Even the most passionate music-lovers, familiar with Thais, come away so transported by Mauriac’s trills that they find it impossible to believe that such a perfect nightingale could have taken wing, in effect, from that Auvergnat throat.”

I have found online another story by de Mandiargues and hope to post on it next week.



(If this story goes offline and you wish to read it, contact us.

Ambrosia Bousweau 












Wednesday, July 17, 2019

The Paris Wife by Paula McLain - 2011 -

Paris in July 2019 - Hosted by Thyme for Tea 

Works Read so for Paris in July 2019

  1. At the Existentialist Cafe:Freedom, Being and Apricot  Cocktails by Sarah Blackwell.  2016 - An exploration of the Parisian origins of French post World War Two Existentialism 
  2. Suzanne's Children: A Daring Rescue in Nazi Paris by Anne Nelson. 2017- an important addition to French Holocaust Literature
  3. Journey to the Edge of the Night by Louis-Ferdinand Celine -1932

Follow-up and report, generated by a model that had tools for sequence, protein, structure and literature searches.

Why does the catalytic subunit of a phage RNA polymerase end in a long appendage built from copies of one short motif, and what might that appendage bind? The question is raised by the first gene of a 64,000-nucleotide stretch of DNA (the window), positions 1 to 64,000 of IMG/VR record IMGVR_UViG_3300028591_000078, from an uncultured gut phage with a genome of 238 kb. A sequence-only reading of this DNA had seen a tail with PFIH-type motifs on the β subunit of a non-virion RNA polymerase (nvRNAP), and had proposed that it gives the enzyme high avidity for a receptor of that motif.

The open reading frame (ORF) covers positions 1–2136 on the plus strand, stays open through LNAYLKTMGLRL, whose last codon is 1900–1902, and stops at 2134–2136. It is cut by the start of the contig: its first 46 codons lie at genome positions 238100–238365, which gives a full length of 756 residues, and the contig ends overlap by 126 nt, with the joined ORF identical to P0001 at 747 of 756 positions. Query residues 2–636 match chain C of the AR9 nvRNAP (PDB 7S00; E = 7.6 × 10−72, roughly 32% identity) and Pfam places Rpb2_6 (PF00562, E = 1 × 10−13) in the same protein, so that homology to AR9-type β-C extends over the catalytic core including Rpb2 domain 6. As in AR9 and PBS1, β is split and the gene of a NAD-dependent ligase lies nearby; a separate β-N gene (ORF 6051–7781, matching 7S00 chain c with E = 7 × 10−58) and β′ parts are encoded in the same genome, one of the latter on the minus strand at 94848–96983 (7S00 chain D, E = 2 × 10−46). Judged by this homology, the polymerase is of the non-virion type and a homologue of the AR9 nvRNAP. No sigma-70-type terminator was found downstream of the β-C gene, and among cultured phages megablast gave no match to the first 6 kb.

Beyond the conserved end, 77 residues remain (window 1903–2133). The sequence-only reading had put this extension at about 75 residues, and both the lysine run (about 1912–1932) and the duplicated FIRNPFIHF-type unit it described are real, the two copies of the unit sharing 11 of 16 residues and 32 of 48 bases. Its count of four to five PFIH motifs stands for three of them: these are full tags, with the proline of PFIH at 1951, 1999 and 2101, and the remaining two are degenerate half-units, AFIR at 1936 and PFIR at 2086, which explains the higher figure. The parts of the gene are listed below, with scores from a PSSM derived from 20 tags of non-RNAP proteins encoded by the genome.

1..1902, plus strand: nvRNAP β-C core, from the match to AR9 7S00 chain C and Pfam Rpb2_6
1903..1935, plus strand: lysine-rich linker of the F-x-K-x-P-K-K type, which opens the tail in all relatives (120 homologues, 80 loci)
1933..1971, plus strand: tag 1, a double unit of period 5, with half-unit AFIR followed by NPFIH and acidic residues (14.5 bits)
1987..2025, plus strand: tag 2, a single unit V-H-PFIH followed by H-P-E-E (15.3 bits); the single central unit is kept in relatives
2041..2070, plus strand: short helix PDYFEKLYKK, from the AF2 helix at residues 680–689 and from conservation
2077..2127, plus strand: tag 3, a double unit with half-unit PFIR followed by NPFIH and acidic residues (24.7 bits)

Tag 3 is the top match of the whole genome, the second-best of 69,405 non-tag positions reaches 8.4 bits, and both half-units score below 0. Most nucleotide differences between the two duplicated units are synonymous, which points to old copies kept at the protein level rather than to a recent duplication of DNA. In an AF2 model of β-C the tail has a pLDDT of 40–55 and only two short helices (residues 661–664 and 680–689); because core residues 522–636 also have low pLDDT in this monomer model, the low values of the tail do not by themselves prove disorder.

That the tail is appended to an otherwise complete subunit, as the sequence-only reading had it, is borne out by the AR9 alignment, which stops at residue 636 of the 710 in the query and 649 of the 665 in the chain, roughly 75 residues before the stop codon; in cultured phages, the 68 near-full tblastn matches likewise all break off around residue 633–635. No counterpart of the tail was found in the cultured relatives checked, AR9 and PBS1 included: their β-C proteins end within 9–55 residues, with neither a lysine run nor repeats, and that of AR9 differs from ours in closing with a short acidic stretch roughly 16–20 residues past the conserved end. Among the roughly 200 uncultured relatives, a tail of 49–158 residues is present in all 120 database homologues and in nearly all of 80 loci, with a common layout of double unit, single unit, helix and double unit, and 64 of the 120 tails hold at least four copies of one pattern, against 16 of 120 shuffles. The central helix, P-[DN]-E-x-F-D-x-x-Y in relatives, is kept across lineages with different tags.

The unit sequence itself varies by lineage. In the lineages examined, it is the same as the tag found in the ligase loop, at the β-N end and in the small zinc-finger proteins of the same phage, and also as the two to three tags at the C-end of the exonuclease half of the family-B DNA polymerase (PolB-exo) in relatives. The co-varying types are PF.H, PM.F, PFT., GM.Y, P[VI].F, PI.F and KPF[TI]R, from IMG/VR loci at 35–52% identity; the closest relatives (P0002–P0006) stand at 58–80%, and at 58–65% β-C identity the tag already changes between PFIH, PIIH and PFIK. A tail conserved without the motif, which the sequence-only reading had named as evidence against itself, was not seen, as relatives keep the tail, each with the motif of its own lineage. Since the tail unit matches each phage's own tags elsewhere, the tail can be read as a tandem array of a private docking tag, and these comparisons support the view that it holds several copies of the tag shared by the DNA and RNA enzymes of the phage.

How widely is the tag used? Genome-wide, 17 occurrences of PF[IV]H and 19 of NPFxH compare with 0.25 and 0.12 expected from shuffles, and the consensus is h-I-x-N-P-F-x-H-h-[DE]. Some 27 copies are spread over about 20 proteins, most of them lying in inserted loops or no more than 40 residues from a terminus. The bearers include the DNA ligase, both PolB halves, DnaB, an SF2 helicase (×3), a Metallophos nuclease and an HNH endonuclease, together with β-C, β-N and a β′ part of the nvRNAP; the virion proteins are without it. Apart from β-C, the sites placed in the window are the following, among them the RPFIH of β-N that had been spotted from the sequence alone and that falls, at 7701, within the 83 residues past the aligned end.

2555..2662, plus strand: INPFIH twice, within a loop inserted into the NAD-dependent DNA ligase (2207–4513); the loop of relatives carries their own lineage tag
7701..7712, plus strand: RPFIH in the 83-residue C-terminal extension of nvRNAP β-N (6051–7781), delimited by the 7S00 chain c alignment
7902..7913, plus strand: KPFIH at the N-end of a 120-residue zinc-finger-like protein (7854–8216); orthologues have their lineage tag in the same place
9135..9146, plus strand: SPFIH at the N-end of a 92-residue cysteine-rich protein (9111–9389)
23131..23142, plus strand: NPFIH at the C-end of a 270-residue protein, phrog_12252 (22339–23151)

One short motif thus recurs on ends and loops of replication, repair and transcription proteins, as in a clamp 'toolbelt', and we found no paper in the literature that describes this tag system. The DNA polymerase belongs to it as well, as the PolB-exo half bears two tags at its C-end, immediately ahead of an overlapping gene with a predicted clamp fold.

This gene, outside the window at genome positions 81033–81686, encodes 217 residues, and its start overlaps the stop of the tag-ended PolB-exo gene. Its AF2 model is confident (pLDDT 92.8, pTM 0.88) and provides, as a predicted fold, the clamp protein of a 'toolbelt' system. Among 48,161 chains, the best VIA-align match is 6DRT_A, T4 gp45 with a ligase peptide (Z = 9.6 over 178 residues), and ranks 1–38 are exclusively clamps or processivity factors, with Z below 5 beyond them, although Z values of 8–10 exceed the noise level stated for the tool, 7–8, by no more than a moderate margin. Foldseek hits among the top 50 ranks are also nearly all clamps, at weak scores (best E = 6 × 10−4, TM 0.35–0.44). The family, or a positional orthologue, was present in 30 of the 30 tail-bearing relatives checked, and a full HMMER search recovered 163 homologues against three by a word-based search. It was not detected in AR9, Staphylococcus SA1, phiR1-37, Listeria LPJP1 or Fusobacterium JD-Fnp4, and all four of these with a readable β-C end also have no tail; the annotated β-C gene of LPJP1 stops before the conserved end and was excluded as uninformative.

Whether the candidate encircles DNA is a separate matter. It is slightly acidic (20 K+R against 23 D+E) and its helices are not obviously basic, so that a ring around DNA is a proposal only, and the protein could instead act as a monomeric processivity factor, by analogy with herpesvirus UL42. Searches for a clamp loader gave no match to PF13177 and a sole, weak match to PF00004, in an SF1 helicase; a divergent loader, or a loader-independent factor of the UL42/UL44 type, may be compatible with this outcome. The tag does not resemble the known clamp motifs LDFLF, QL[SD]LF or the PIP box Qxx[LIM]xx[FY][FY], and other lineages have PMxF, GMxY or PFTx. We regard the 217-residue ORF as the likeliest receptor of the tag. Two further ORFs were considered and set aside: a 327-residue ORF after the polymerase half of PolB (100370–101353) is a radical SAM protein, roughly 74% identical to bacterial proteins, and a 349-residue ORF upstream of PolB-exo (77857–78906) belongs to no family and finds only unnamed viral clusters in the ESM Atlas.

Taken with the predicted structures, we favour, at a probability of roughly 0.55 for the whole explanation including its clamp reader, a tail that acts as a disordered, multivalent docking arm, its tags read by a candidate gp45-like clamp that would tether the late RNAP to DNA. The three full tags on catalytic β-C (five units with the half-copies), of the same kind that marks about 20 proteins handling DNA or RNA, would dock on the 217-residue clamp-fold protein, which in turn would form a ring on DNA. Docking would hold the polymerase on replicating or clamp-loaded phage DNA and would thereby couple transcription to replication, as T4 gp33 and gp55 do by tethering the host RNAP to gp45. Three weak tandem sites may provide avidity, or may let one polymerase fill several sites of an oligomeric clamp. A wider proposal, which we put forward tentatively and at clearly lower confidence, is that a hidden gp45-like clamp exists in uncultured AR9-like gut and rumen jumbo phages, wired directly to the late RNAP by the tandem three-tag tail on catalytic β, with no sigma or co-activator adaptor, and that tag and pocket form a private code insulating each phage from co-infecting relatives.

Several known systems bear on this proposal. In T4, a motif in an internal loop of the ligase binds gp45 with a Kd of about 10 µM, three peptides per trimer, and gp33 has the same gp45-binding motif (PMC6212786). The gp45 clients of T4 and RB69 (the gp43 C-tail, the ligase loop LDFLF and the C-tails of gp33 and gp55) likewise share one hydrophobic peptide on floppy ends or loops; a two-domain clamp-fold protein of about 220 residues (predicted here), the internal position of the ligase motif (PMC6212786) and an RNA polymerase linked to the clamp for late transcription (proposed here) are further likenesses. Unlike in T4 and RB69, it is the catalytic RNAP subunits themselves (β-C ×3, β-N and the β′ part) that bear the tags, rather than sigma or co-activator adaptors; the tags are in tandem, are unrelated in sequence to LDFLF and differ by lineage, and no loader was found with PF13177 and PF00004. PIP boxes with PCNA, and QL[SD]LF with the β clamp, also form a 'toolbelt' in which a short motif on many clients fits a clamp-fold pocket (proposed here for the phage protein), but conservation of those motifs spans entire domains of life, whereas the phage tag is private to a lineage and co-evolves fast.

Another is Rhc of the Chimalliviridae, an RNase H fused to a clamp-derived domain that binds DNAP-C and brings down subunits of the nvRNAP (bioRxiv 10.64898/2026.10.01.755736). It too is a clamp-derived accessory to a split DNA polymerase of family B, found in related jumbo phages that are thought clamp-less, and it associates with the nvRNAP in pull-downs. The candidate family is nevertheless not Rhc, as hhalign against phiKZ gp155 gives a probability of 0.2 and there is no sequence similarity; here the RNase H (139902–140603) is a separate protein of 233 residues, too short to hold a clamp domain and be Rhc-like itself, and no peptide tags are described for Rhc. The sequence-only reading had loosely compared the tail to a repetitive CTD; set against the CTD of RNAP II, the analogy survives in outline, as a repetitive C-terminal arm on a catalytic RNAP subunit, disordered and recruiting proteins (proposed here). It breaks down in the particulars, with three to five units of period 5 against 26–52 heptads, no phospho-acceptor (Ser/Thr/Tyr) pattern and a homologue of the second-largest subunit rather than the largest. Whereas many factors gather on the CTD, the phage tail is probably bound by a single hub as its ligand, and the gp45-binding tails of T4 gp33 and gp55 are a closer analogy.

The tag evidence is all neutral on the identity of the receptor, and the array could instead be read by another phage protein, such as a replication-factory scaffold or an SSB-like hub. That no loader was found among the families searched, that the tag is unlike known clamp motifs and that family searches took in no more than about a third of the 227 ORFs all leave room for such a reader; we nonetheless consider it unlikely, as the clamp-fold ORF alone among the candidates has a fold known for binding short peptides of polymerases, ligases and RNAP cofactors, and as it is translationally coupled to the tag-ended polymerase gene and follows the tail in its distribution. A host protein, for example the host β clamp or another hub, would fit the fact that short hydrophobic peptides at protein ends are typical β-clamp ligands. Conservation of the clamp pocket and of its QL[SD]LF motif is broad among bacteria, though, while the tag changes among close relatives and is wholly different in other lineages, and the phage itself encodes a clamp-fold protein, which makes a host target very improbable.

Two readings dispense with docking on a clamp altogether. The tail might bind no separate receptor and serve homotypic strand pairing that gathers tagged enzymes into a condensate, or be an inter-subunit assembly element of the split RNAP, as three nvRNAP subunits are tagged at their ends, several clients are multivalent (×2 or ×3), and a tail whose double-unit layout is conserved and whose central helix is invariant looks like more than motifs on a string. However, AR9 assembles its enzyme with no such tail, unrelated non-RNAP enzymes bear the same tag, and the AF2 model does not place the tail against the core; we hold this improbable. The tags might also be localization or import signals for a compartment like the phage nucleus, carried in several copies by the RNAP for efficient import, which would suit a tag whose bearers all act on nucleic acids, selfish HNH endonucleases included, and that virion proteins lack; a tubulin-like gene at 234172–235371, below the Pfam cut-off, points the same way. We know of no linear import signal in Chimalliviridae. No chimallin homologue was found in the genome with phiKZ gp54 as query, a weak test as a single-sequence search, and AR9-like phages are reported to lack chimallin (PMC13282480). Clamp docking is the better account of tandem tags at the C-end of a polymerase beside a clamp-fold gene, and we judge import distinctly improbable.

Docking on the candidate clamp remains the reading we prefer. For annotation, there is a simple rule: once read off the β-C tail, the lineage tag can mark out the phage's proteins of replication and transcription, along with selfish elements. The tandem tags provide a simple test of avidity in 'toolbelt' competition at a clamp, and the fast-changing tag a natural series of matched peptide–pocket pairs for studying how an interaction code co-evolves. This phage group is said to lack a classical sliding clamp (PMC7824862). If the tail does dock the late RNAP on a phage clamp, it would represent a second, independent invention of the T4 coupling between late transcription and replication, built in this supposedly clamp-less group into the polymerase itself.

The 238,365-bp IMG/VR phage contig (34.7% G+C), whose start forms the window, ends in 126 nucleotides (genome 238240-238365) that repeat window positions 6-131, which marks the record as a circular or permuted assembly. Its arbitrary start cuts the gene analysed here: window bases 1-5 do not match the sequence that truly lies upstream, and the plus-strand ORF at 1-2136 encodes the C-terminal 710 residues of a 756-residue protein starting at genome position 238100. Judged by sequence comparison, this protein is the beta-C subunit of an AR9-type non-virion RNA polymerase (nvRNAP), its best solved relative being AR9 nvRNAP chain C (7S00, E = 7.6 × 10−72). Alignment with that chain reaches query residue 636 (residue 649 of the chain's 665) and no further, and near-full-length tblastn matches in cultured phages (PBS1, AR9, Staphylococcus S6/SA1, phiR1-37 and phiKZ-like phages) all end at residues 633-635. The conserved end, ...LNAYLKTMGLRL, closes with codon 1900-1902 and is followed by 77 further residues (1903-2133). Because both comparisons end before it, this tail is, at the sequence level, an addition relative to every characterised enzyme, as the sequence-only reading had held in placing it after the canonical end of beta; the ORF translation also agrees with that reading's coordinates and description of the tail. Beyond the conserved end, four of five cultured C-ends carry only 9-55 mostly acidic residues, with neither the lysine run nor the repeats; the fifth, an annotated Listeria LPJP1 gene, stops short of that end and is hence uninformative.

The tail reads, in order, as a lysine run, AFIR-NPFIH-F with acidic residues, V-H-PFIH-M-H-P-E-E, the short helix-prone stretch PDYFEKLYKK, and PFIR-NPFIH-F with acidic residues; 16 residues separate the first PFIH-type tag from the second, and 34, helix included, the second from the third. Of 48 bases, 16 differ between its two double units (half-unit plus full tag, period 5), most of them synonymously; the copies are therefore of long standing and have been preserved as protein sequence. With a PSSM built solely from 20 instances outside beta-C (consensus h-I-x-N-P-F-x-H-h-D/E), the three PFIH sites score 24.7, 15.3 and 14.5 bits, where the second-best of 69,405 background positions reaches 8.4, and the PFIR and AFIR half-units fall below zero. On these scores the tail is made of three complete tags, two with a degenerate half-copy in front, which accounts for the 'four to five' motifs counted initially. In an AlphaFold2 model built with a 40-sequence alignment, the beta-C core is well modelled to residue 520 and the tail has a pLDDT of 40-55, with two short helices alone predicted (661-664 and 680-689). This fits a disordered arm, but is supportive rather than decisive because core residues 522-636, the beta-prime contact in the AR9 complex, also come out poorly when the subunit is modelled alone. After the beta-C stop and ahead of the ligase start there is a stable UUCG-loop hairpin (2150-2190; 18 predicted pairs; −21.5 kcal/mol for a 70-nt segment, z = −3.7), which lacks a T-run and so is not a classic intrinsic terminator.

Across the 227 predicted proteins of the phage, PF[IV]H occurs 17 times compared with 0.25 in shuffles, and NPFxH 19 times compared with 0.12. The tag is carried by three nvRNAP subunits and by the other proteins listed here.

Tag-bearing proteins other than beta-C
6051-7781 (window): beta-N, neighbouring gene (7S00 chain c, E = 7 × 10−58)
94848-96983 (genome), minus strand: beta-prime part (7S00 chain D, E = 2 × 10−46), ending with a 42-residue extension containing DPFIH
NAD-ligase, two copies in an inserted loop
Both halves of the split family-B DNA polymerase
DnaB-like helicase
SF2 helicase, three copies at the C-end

4. Death on The Installment Plan by Louis-Ferdinand Celine - 1936
  5. "Luc and his Father" - a set in Paris short story by Mavis Gallant - 1982
  6. The Invisible Bridge by Julie Orringer - 2010
  7. Paris Vagabond by Jean-Paul Clebert - 1952, translated 2016
  8. Cheri by Colette- 1920
  9. The Paris Wife by Paula McLain - 2011 - Hemingway’s first marriage






The Paris Wife by Paula McLain was a New York Times best seller.  It is an imaginative recreation of the relationship of Ernest Hemingway and his first wife, who would be one of four, Hadley Richardson.  When they meet Ernest is 20 and Hadley 28.  I admire some of Hemingway’s work but I have always found his public testosterone fired persona to be overcompensating so I was looking forward to seeing how McLain would present him.